A Hike Down Monument Avenue in Richmond Virginia

In April. Terry and I traveled to Richmond Virginia to attend a wedding of one of Terry's clients, Thomas Justin Morton to Andrea Marie Kastner. The day we arrived, we decided to take a hike up Monument Avenue. This main drag had traffic circles about every other block on which large Civil War era monuments were erected. The Robert E. Lee monument stands at the corner of Allen Avenue and Monument Avenue. Terry continued to hike to see the remaining monuments while I stopped to sketch.

The Virginia Commonwealth Campus had beautiful old historic buildings. We actually spotted another urban sketcher who was sketching one of the buildings. She was in the middle of the sketch, so I didn't interrupt her. The entire street had amazing architecture along with some fixer uppers that would make a gorgeous studio. I'm sure the price of real estate would make that dream less practical.

Terry and I were staying in the Jefferson Hotel (101 W Franklin St, Richmond, VA) which is rated five stars and is absolutely gorgeous. The room itself wasn't that amazing but the lobby was worth every penny. One scene in Gone with the Wind was shot on the grand staircase. Any time we weren't at wedding related parties. we were happy to explore this city by foot. It was an Urban Sketchers dream, a step back in time.

Prints are available for each sketch for $250 and many originals can be purchased for $400. White museum grade shadow box frames are $100 more. You can e-mail Thor at

Monday, July 28, 2014

Real Estate Showcase Event at Snap! Space

On April 23rd as my Retrospective Exhibit was still hanging as Snap! Space (1013 E Colonial Dr, Orlando, FL), a Real Estate Showcase Event was held in the gallery. Jim Lussier contacted me, saying, "As the Artist in residence, I think you should hang out with us and take a bow. Please bring Terry with you if she is free. We will have about 100 people in the space from all aspects of the Real Estate industry for a 2 hour Meet and Greet. I have another idea I’d like to run past you. We want to collect everyone’s business cards and have a drawing for ….a piece of Thorspecken art? I thought one of two things – either identify a piece you already have that you would part with for $300, or create a small piece at our event, and award it “hot off the press.” Third idea – we will award a selected piece that we purchase from you for $300, or, at the winner’s option, we will contribute $300 if the winner wants to purchase a more expensive piece from the collection. Maybe you have a better idea. We want you and Terry to come no matter what. Please call me when you have a couple of minutes. Thanks! We are very excited to be having our event surrounded by your work."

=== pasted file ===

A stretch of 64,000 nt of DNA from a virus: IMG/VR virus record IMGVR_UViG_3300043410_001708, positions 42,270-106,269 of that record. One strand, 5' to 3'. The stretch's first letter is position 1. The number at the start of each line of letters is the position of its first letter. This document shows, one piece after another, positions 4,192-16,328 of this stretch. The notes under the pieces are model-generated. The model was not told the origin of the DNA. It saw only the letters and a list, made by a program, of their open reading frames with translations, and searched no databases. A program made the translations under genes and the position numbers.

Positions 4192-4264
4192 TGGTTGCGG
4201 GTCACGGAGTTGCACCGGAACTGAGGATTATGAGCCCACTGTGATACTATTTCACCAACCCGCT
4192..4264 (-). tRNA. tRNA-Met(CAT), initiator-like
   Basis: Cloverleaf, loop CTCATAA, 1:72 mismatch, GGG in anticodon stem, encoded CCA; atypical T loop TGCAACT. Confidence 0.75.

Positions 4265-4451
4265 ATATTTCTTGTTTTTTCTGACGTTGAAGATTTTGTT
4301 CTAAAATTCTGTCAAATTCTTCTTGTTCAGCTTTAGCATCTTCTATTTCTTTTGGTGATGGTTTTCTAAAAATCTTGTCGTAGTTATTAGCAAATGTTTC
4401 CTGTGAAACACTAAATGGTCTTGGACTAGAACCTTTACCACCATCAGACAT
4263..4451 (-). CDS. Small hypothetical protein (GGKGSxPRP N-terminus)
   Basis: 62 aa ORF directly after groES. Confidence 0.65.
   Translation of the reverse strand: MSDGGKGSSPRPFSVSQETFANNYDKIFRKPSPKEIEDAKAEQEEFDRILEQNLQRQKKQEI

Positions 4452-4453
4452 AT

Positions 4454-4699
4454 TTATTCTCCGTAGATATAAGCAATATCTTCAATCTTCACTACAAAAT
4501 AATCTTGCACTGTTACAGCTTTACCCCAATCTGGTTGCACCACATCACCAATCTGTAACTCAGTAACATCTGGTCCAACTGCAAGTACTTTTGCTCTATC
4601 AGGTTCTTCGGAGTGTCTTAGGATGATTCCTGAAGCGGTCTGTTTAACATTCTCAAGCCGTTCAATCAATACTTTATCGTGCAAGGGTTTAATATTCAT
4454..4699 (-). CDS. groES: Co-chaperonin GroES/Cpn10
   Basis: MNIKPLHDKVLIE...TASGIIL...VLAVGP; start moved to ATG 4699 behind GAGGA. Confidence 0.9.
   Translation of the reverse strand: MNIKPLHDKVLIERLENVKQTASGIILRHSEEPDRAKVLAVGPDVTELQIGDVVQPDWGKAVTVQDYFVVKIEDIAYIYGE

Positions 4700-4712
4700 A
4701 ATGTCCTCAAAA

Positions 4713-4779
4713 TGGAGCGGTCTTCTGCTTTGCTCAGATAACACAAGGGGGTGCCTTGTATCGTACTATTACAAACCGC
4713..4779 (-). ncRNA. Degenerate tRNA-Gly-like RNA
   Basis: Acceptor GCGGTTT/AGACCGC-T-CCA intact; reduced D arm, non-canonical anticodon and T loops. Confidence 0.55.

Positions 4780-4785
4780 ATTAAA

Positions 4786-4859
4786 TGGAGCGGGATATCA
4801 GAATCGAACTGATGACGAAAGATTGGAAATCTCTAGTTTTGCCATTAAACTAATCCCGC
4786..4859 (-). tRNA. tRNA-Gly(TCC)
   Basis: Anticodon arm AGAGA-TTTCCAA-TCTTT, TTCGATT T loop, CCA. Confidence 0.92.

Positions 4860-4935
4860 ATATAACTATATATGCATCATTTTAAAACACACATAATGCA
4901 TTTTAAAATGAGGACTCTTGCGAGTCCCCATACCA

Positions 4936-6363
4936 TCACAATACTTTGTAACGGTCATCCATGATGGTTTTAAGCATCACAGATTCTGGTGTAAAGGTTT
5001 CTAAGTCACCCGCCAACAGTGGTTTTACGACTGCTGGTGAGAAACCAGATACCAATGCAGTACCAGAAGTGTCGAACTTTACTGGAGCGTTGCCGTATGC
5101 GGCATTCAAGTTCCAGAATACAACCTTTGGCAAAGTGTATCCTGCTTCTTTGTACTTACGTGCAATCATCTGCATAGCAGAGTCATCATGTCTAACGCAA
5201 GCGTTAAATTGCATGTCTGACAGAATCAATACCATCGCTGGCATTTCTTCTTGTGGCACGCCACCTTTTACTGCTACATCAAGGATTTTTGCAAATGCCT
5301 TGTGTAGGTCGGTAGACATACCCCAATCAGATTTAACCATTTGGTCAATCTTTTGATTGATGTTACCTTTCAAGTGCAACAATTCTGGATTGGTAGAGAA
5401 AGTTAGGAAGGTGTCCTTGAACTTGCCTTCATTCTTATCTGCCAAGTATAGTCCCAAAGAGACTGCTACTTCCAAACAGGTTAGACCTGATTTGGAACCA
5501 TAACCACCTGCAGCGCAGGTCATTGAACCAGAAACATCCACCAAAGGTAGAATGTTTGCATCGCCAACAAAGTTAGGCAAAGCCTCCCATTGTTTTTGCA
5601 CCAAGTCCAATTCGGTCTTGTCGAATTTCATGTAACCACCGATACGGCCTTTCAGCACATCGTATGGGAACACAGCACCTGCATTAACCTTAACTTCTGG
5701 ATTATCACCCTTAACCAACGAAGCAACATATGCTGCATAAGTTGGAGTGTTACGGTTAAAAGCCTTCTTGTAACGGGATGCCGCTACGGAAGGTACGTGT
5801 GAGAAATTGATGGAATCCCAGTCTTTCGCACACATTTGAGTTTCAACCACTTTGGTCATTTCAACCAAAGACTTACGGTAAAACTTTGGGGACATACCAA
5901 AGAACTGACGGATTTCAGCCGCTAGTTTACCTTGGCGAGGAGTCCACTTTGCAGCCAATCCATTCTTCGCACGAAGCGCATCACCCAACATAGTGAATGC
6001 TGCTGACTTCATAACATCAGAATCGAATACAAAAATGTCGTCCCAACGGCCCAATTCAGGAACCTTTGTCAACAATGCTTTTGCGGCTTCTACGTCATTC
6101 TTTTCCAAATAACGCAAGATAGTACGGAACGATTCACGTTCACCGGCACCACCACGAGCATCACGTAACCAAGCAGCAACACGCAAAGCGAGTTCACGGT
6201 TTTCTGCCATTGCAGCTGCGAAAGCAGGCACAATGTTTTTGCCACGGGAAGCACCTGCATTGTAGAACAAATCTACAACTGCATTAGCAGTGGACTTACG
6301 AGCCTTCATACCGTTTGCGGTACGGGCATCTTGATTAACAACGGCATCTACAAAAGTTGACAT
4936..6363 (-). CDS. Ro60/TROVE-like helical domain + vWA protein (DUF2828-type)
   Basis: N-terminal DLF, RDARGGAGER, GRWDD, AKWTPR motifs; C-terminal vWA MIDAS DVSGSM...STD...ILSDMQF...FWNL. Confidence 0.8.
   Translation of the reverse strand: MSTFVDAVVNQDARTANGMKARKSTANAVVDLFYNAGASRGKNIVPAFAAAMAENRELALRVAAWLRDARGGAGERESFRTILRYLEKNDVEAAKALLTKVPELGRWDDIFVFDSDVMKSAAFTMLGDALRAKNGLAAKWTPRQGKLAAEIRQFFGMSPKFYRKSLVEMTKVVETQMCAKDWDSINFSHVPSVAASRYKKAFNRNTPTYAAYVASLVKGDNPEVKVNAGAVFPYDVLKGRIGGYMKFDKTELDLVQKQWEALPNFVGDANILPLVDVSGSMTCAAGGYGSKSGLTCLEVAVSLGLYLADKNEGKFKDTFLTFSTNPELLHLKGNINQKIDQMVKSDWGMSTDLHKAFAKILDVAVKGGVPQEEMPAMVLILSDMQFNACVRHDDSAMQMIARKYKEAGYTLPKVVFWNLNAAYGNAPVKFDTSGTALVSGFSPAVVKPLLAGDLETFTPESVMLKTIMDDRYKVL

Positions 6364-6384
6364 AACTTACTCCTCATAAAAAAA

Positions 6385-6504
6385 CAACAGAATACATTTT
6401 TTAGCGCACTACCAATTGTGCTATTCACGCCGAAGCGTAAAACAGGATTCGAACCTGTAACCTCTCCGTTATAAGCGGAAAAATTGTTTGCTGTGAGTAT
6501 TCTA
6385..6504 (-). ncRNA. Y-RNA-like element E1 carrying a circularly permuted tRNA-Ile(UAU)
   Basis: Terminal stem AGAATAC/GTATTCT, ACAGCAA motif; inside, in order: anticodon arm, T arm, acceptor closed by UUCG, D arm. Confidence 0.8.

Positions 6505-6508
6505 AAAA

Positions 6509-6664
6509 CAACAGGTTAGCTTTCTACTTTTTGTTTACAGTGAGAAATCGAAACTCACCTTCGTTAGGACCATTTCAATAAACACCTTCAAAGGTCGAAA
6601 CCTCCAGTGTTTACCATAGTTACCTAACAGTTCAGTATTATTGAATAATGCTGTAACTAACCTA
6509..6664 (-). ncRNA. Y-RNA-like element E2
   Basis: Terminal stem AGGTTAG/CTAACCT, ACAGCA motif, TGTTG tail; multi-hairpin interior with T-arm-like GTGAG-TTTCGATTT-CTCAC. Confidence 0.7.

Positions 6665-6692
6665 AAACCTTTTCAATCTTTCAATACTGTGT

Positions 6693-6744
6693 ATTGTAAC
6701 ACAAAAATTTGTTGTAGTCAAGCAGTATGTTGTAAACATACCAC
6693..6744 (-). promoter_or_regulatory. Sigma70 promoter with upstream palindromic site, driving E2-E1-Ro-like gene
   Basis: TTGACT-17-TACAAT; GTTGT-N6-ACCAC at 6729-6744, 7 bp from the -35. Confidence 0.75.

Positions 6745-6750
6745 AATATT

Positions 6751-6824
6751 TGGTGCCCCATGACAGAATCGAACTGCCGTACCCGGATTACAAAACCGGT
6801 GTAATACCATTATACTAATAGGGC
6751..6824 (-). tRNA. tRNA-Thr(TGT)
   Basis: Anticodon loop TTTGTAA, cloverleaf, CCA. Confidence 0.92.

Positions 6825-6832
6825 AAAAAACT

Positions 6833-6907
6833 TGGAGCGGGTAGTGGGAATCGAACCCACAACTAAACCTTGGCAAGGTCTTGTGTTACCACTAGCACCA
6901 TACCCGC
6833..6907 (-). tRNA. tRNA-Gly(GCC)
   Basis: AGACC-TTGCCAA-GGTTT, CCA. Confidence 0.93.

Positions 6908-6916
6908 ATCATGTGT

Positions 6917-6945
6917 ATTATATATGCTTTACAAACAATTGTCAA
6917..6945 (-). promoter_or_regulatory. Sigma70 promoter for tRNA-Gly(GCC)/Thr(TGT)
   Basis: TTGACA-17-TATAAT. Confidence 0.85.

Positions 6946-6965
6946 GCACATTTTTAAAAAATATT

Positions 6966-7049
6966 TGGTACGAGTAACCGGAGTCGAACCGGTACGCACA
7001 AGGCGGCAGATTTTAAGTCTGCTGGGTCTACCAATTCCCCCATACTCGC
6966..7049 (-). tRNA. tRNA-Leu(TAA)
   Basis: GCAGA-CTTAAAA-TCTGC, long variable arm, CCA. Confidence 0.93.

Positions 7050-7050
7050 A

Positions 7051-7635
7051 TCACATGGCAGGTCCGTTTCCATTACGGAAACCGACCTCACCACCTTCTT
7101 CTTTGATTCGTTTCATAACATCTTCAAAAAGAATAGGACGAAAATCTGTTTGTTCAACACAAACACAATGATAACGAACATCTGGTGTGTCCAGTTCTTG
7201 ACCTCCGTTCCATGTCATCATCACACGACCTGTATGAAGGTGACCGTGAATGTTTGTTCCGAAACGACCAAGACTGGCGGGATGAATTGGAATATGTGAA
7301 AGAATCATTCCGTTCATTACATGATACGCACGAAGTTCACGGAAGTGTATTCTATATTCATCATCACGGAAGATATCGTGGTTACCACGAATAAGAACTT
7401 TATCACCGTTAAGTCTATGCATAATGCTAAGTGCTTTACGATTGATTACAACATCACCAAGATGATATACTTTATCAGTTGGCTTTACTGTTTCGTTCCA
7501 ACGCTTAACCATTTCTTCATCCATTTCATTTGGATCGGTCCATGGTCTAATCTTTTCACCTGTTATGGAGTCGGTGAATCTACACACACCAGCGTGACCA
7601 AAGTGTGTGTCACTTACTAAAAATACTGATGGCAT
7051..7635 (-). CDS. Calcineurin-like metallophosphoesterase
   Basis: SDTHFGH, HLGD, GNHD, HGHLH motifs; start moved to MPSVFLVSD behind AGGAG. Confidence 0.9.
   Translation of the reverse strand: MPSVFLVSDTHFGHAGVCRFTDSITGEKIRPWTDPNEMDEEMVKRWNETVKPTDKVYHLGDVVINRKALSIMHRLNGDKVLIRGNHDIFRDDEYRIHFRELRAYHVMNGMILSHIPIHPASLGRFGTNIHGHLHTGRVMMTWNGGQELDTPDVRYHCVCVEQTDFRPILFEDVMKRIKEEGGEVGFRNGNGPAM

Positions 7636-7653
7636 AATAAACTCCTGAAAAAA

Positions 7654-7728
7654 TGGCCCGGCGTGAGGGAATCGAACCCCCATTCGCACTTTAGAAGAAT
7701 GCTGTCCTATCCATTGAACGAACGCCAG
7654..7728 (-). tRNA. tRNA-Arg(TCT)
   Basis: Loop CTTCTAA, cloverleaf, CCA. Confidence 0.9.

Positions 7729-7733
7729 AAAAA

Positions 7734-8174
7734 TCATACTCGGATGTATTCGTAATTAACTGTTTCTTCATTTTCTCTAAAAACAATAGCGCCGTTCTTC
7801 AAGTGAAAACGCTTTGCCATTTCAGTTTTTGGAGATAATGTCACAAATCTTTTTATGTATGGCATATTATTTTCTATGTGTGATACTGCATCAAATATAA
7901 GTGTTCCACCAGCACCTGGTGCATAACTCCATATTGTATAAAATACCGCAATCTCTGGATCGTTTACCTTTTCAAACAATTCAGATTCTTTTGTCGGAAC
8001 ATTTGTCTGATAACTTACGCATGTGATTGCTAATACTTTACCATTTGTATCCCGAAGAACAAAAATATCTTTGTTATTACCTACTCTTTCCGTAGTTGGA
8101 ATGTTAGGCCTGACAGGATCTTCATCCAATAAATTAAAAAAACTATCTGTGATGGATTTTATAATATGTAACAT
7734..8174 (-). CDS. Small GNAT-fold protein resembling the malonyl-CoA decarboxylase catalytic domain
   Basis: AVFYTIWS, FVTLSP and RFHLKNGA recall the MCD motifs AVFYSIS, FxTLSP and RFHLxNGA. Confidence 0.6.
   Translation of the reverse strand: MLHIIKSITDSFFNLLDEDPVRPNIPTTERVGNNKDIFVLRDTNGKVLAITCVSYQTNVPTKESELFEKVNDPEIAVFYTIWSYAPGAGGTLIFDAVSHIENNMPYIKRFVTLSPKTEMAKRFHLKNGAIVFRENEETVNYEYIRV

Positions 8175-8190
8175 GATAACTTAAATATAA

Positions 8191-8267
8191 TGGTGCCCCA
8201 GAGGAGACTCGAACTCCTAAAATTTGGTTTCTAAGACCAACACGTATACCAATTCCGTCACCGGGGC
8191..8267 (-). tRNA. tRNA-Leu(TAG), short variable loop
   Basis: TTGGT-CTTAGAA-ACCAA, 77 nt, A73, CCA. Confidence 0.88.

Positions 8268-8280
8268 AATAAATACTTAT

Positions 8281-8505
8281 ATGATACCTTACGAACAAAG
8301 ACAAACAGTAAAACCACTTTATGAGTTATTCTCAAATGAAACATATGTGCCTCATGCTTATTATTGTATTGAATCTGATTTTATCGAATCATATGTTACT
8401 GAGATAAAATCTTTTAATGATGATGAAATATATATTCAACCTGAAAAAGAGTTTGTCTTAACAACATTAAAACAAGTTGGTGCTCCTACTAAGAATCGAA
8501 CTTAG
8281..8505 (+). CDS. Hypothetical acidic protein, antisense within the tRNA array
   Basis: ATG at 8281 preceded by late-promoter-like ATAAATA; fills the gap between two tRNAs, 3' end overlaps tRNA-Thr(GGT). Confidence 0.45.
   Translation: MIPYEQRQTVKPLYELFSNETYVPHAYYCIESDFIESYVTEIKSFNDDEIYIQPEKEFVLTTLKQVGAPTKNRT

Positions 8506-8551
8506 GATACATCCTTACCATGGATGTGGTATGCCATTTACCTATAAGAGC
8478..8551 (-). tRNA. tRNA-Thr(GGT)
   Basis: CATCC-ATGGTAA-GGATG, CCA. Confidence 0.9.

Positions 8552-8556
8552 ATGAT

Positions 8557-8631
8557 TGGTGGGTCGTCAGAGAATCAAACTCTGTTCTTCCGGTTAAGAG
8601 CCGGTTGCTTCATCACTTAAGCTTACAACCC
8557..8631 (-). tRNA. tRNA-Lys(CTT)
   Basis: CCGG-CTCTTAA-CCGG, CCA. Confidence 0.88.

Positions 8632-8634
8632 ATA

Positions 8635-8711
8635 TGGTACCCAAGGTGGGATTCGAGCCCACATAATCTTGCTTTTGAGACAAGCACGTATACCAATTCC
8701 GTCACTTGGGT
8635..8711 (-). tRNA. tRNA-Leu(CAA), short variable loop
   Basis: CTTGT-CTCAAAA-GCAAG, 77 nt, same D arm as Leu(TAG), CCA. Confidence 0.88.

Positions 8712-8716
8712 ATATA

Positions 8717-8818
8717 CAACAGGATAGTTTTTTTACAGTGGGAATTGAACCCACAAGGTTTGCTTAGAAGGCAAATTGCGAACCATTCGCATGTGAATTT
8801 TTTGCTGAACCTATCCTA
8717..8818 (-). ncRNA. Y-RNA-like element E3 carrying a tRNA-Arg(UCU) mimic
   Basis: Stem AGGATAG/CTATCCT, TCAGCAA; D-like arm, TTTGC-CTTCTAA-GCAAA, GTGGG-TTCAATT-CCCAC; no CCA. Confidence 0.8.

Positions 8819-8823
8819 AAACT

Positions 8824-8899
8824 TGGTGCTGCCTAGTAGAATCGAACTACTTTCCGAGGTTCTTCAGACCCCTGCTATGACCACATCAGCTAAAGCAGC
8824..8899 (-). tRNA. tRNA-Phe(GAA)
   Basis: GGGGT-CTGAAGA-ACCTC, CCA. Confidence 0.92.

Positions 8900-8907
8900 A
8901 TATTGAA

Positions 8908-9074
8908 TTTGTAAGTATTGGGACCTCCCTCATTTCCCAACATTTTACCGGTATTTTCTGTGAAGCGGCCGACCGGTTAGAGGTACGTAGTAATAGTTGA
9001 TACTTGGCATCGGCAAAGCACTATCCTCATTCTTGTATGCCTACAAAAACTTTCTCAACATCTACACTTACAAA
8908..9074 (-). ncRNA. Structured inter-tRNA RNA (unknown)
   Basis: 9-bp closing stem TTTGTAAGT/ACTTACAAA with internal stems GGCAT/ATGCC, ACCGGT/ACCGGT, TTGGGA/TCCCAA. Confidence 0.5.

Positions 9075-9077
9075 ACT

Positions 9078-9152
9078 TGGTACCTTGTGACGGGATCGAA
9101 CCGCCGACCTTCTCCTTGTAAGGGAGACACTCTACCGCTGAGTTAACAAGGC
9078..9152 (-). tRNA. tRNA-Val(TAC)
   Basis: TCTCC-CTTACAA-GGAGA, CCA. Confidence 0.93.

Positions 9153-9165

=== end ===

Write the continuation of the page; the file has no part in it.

I decided to go with the option of awarding a print done from the sketch done that night. The event did get rather crowded and the sketch was presented with a flourish. I made the print the next day and dropped it off at Snap. The exhibit was financially more successful than I expected.  Enough originals and prints were sold to cover the framing costs and there was a profit of about $8000. Having the frames has made it easier to showcase my work at other venues as well. I exhibited a series of paintings based on Emotions Dance rehearsals and sold over $2,000 worth of originals and prints. This is the type of collaboration I need to be doing more often. Snap founder, Patrick Kahn, arranged to exhibit my work is now on display at East End Market (3201 Corrine Dr, Orlando, FL) through August.

Prints are available for each sketch for $250 and many originals can be purchased for $400. White museum grade shadow box frames are $100 more. You can e-mail Thor at

Sunday, July 27, 2014

The Case of the Cervical Spine

Jillian O'Connor and her daughters hired me to sketch Dennis O'Connor, their father and husband as a gift for his birthday. On the evening before the court date, Jill sent me an e-mail to let me know that the trial would be in courtroom G of the Seminole County Courthouse in Sanford. Unfortunately I didn't read the e-mail until 1:30pm after I had written several articles. Court had started at 9am. Jill decided to sit in on the trial. This was the first time she had watched Dennis in a courtroom in 30 years. I called her in a panic and asked if the trial was still underway. She whispered that it was. I rushed to get dressed and quickly drove up to Sanford. I knew I was up against the clock since the trial would likely shut down for the day at 5pm.